Thank you for this thoughtful post.


Very well-put, Jenn. This is such a powerful post. Eradicating racism is something we all need to WORK at every day. It's not just going to happen for us.

Mom Taxi Julie

What's kind of funny (sad) about that is my husband's nephew is white and has been in jail quite a bit for stealing cars!

green girl in Wisconsin

Gosh you have insight, Jenn. I haven't stepped back and considered these things in a long time. Thank you for your post and making me SEE better.


You are very right! I can't imagine the fear African American mothers must feel, considering just the idea of Dylan driving(years from now) makes me nervous!


A rule of mine has always been that I cannot possibly speak for ANY group of people except for single, white, working moms - because that's me. I refuse to speak about what any OTHER group of people might be feeling because I am not in their shoes. It irks me to no end to hear anyone try to speak of racism (or any kind of-ism) when they have never been the victim of it.

Your analogies are PERFECT! Such a great way to look at it.

And as someone who went to UCSD for 2 years of undergrad in the 80s I am just shocked at what is going on there 20 years later.


A very sad commentary on our society as a whole.

Deb D

I have tried to drill into my kids that wanting something to be so - does not make it so. It is easy in Canada to have the false perception that racisim doesn't exist - particularly in a 98% white middle class town like the one we live in. Growing up in northern Canada I remind my kids about the residential schools (that they never learned about in school) and the internment camps for Japanese Canadians during the second world war. The conditions that some of our first nations people are living in are truly appalling although not widely known. We should never allow ourselves to forget because if we aren't part of the solution we are part of the problem.


Absolutely, and it always takes away my breath when I hear people assert that racism is dead. Racism is so deeply ingrained that we can't see it any more; that I believe. But your points are spot on.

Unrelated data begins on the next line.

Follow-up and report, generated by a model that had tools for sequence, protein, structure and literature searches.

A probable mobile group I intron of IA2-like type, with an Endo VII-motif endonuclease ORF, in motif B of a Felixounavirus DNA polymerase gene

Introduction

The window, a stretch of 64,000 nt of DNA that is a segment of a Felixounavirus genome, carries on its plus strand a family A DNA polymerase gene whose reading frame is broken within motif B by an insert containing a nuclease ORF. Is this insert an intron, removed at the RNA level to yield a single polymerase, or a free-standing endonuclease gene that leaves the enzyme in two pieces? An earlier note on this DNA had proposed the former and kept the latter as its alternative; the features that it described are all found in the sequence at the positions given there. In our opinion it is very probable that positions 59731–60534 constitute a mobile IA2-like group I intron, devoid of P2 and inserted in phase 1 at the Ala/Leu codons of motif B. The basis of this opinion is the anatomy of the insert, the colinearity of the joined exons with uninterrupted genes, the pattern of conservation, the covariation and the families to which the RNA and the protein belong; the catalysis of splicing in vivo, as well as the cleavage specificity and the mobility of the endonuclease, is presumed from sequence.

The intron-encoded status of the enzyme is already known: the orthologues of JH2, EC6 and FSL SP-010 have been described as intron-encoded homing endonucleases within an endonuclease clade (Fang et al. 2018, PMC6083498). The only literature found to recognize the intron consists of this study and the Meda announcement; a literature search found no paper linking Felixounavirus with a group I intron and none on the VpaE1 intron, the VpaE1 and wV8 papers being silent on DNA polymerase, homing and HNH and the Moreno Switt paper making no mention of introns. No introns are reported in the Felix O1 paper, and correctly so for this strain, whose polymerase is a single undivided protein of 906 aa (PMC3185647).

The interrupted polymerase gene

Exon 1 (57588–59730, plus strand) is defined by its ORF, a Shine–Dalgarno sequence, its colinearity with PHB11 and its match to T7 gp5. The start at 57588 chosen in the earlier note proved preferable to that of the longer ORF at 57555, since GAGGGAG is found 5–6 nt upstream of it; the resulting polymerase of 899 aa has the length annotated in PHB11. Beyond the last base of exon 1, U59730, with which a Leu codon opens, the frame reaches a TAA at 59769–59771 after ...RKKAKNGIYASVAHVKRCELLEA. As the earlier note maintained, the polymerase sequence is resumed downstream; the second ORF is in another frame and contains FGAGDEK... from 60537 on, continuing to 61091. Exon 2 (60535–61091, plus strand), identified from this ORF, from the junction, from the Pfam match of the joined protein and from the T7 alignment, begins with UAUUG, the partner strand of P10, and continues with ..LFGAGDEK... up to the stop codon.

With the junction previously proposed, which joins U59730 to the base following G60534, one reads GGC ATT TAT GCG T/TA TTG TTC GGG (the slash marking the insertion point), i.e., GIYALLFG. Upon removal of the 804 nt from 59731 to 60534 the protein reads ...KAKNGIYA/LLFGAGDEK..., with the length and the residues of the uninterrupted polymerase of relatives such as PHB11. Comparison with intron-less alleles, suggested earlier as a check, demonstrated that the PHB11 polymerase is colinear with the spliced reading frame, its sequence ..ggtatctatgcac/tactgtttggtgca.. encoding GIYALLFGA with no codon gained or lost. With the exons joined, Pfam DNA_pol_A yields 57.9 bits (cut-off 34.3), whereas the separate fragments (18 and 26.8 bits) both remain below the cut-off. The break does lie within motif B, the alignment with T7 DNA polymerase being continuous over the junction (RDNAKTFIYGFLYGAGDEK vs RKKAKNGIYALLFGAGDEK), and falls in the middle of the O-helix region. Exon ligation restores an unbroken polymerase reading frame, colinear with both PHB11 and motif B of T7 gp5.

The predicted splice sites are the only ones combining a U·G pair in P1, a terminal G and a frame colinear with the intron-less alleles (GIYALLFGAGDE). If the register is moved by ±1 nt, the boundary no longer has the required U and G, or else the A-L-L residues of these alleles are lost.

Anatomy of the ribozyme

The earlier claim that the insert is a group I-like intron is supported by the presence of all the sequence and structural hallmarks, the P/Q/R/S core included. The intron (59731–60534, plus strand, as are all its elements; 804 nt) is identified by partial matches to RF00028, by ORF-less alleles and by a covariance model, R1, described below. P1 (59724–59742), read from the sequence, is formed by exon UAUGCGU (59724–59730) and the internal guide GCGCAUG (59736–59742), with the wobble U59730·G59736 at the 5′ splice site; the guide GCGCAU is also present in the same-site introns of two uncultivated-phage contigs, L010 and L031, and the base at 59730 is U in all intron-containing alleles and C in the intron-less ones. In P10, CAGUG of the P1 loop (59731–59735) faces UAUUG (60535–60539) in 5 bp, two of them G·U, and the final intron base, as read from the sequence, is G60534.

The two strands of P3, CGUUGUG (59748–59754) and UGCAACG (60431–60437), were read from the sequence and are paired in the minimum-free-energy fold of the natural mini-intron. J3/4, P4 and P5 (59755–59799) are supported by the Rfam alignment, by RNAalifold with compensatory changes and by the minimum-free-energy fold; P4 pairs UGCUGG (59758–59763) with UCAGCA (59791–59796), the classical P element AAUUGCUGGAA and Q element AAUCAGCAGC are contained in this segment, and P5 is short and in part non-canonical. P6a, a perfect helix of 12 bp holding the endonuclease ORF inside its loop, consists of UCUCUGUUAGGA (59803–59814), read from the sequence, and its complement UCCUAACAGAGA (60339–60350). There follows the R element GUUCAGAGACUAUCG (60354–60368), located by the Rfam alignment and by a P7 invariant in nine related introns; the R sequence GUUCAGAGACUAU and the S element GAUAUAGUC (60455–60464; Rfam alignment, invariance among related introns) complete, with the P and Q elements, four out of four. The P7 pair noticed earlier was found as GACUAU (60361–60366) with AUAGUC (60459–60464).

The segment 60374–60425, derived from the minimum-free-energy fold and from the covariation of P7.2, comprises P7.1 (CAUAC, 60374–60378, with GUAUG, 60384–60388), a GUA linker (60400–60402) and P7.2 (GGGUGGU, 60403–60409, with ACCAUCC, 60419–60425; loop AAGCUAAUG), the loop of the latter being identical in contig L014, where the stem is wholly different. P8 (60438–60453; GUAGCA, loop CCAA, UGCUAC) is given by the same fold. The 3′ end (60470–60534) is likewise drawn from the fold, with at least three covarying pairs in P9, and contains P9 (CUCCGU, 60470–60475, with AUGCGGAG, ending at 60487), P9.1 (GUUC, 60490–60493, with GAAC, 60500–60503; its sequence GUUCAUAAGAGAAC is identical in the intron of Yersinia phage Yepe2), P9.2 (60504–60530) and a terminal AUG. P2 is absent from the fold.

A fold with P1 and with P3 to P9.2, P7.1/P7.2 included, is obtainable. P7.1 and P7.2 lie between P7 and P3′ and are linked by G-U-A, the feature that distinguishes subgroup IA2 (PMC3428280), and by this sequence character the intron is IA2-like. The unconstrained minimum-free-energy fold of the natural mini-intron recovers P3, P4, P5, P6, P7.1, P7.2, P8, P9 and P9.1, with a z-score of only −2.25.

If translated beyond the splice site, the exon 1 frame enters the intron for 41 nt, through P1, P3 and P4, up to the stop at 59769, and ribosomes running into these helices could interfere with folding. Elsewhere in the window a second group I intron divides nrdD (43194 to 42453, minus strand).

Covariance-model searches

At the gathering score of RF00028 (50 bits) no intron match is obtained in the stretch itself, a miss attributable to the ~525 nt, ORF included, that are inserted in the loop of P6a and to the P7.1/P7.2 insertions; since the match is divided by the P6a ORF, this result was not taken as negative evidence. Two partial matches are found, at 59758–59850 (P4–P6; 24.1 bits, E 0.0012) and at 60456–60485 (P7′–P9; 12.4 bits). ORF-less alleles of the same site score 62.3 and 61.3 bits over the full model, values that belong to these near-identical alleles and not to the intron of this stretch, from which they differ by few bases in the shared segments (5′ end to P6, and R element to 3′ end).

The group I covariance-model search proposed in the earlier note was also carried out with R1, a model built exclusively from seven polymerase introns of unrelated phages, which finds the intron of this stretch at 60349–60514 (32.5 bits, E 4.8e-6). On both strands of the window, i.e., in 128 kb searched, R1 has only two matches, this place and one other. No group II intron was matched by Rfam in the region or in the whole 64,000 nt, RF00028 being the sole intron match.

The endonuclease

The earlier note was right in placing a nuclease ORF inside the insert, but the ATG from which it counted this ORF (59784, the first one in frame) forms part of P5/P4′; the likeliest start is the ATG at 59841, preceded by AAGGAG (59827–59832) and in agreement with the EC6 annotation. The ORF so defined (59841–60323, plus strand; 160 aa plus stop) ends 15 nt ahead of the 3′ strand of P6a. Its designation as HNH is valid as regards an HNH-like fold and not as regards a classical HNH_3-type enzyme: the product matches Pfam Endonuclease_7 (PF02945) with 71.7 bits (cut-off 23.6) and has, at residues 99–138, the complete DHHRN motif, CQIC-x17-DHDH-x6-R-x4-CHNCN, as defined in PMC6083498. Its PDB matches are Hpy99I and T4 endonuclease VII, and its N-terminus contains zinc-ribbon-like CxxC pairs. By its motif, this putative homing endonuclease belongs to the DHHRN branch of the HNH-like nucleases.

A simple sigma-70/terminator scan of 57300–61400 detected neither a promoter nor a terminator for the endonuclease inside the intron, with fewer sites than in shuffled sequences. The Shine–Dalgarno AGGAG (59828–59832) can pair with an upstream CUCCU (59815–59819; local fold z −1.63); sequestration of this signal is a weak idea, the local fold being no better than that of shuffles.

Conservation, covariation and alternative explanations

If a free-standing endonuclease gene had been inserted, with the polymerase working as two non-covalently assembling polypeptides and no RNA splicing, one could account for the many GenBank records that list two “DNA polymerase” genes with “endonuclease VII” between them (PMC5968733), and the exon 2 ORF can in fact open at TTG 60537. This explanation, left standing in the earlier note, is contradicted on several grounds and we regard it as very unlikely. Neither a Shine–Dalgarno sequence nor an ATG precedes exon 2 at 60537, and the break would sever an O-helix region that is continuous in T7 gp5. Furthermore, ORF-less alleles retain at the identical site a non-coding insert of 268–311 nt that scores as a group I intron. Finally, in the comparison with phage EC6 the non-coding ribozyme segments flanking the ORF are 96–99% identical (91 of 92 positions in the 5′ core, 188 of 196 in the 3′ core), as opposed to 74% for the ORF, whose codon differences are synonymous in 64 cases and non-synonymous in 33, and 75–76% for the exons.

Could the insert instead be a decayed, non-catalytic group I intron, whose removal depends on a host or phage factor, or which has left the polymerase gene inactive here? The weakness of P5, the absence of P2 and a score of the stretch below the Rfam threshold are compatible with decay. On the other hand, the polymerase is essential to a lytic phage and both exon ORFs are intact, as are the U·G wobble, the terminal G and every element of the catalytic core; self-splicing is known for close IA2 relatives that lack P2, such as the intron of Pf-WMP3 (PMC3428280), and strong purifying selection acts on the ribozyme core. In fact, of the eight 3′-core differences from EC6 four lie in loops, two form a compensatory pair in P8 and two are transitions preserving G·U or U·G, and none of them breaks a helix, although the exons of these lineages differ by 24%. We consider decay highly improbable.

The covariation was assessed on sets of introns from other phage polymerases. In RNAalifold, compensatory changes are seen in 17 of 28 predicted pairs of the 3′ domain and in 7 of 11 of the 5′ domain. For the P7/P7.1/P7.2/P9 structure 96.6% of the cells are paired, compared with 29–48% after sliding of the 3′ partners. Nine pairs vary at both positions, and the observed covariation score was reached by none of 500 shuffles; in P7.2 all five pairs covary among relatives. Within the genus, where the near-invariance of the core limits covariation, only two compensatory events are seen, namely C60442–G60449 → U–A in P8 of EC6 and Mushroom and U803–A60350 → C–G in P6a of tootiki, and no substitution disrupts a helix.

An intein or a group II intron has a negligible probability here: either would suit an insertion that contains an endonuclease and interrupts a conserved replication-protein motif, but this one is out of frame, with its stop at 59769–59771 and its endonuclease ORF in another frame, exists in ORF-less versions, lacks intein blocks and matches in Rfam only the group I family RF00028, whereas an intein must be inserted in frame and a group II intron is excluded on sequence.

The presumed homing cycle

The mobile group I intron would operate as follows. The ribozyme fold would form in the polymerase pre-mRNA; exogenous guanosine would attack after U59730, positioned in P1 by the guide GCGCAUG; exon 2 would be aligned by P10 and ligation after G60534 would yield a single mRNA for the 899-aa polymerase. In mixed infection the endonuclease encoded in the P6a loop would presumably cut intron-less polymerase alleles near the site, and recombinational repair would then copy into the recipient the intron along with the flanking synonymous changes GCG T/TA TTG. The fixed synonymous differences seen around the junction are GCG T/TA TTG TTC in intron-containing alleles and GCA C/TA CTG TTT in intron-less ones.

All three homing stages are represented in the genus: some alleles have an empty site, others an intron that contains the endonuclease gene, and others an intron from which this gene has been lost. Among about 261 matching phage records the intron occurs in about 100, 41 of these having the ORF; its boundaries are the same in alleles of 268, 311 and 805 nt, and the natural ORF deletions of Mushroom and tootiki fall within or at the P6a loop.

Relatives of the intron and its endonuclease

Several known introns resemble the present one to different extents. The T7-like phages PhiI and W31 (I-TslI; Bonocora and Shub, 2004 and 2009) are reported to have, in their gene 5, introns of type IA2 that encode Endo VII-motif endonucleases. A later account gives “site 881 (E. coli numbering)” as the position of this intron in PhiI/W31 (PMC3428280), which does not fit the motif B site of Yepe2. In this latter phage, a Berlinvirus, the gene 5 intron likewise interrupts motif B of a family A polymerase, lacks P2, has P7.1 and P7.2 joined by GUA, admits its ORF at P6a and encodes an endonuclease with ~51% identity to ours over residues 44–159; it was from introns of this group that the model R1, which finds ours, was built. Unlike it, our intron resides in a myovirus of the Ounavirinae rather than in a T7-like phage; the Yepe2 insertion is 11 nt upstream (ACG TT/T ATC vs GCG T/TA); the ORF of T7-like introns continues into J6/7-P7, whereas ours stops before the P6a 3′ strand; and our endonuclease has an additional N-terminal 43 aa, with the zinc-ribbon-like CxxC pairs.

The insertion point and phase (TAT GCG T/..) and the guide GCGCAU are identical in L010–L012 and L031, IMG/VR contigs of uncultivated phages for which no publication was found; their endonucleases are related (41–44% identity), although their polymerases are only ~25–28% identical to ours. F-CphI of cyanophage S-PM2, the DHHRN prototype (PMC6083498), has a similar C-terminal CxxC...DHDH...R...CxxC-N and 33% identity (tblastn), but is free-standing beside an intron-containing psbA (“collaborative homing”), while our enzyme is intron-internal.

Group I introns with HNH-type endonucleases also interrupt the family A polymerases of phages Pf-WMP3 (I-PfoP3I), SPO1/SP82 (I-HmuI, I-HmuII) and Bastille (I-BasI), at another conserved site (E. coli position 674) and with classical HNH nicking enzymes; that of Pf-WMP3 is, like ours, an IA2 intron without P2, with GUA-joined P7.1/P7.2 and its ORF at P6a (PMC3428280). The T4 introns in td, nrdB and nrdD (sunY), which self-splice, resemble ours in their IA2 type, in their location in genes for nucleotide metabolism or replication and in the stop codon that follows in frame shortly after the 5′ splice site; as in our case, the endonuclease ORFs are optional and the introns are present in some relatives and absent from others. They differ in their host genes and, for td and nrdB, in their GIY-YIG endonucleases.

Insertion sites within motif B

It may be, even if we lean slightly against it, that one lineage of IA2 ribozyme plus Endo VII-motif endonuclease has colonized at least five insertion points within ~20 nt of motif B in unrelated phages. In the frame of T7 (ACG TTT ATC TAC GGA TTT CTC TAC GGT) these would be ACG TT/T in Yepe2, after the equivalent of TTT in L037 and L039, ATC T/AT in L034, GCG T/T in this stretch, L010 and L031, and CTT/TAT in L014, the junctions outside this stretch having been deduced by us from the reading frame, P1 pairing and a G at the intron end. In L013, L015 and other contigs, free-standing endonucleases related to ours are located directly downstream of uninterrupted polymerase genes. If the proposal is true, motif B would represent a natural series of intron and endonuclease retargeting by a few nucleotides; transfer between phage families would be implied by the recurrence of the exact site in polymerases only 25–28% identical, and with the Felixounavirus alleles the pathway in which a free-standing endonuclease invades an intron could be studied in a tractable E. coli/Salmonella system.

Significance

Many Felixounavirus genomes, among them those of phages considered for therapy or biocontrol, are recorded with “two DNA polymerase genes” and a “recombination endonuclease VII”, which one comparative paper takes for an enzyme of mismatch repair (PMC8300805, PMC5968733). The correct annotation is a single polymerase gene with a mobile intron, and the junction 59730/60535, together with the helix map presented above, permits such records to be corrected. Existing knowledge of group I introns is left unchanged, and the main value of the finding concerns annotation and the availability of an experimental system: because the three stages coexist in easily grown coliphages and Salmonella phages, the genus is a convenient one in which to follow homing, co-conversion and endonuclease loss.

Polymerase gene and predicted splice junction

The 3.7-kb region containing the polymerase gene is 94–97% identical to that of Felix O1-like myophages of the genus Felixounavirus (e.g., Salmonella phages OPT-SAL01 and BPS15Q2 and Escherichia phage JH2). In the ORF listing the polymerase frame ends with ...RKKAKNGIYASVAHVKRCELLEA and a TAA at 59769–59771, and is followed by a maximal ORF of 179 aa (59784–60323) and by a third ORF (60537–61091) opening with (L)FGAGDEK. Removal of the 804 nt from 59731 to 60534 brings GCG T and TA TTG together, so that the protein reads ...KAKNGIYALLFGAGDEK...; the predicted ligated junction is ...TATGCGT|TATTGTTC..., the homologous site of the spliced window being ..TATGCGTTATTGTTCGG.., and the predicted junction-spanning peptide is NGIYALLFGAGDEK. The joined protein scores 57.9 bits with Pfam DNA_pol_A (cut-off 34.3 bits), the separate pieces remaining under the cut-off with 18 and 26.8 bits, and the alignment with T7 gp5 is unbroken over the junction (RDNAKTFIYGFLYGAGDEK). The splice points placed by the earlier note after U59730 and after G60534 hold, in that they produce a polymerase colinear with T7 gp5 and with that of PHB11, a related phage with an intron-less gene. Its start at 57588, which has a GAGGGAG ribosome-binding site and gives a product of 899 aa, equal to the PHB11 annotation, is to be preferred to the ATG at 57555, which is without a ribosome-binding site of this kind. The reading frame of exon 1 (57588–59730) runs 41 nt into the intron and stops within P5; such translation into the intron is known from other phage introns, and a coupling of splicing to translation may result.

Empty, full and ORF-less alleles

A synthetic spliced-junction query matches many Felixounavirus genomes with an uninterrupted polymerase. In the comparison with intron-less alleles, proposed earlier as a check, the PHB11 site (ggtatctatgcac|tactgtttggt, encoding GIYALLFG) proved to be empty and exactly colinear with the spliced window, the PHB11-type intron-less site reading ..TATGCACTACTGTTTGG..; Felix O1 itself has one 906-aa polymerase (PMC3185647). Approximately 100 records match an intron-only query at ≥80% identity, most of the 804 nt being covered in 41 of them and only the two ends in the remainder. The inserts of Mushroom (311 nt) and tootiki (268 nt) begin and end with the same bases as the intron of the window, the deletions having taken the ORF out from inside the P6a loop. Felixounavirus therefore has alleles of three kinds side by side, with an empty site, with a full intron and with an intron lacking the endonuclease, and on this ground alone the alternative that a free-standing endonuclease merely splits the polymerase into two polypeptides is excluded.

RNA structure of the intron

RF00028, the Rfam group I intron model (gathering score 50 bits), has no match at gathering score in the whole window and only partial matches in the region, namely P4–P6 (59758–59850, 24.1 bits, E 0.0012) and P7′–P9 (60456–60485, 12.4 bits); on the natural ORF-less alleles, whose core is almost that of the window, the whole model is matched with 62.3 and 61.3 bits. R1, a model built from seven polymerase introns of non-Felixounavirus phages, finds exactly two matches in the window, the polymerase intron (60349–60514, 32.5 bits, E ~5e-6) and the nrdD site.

Melanie @ Mel, A Dramatic Mommy

I lost the thoughtful thing I was going to say after reading Reluctant Blogger's comment.

Jenn @ Juggling Life


Id love to hear what you wanted to say. I think a lot of people would.

I dont know how you took Reluctant Bloggers comment. Shes British and I get what she was saying. Shes a lovely person and I think her message was that life is more difficult for black youth than white youth. I can see where it sounds a little odd.


Lisa @ Boondock Ramblings

Actually, I can see how Mel read it wrong too. It caught me off guard a bit, but I don't think Reluctant Blogger meant it to come out so harshly...or did she literally mean "I am glad my kids aren't black..."

Good post..as usual it has us all thinking and talking.

Kelly, The Glass Dragonfly

You are right, we do not live in a post-racial America. We still have a lot to do...all of us.


I agree and disagree with you all in the same breath. Growing up as a white minority in a border city in AZ, then moving to an all-white Idaho town and then marrying someone from a racially divided Alabama town (whose best friend is controversially a black man), I have a lot of different experiences with profiling.